As a senior veterinary student at The Ohio State University College of Veterinary Medicine in the spring of 2001, I avidly read all veterinary journals delivered to my doorstep. A <st1:date Year="2001" Day="15" Month="5">May 15, 2001</st1:date> letter to the editor in the Journal of the American Veterinary Medical Association (JAVMA) caught my eye. Written by Sharon Gwaltney-Brant, DVM, PhD, et al. from the ASPCA’s APCC, it summarized a review of cases from their database. They noted 10 dogs with evidence of ingestion of large amounts of grapes or raisins and a correlation with acute renal failure (ARF). I recall being surprised at the information but resolved to not recommend grapes or raisins to my clients as treats for their pets.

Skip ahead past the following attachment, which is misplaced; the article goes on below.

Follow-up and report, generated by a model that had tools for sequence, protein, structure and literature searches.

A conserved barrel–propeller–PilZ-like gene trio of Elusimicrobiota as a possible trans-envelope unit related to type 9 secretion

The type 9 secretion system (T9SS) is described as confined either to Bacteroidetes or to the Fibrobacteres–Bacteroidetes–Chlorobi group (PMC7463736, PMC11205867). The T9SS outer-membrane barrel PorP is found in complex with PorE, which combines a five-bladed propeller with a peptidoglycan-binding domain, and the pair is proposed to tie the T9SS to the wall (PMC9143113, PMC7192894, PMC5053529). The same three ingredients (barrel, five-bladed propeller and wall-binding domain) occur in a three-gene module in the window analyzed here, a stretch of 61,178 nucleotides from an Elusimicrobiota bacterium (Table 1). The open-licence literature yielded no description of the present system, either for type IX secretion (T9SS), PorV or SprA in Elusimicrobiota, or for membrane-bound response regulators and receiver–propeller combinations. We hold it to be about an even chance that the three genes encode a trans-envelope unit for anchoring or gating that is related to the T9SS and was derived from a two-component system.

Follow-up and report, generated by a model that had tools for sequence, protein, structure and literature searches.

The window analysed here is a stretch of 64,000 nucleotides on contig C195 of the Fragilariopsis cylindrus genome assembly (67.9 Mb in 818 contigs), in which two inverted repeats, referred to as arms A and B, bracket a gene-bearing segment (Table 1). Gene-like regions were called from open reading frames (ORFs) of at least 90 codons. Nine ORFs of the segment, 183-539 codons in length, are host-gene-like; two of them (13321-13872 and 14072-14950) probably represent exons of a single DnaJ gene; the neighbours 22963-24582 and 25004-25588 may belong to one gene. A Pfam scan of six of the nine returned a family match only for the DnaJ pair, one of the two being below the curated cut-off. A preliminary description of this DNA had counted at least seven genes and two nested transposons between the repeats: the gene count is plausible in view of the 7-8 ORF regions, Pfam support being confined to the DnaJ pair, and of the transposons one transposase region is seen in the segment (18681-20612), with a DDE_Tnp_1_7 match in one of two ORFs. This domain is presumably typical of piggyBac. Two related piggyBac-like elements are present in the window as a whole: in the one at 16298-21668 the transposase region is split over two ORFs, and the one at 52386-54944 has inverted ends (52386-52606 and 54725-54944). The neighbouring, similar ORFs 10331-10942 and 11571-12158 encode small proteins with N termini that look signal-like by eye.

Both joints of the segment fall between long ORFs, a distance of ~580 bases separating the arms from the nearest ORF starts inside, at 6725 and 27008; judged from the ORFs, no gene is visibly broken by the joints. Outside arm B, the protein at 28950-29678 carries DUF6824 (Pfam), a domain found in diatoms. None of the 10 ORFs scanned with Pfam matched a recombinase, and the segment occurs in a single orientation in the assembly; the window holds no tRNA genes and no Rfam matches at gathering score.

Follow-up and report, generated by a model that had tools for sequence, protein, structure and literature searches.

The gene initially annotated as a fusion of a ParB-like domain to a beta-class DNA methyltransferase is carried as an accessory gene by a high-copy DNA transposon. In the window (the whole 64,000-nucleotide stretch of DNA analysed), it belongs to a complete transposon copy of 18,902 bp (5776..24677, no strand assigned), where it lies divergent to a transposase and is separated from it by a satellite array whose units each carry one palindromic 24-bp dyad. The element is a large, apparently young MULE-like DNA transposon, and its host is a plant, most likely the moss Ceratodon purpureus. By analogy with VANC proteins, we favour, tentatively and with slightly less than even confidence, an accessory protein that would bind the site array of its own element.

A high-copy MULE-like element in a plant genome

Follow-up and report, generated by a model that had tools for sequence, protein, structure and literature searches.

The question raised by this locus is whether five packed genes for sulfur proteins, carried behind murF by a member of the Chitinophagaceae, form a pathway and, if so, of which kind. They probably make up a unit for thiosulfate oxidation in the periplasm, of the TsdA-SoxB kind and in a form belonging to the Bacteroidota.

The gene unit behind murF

Unfortunately in April, 2004, that mentally filed snippet of knowledge became essential information. Scotchie, a 5-year-old, 56 pound, male castrated Labrador mix had indulged in some mischievous activity while his owners were at work. Sometime between 7:30 AM and 4:30 PM, Scotch removed a cardboard canister of raisins (15 ounce container) and ingested the remaining contents (approximately 8 ounces). When his owner, Michelle, returned from work that evening, she cleaned up the pieces of the container but didn’t give the contents a second thought. Most pet owners wouldn’t. After all, as humans, we consume raisins with no ill effects, so why should pets be any different? Scotch began vomiting and having diarrhea about 1 AM with some body tremors. Still thinking the signs were due to dietary indiscretion and not wanting to wake anyone at that time of night, his owner kept him comfortable until she called our service at 7 AM. Our receptionist, Lois, had fortunately also seen something about raisin toxicity at some point and advised Michelle to bring Scotchie in at 8 AM. She then called me.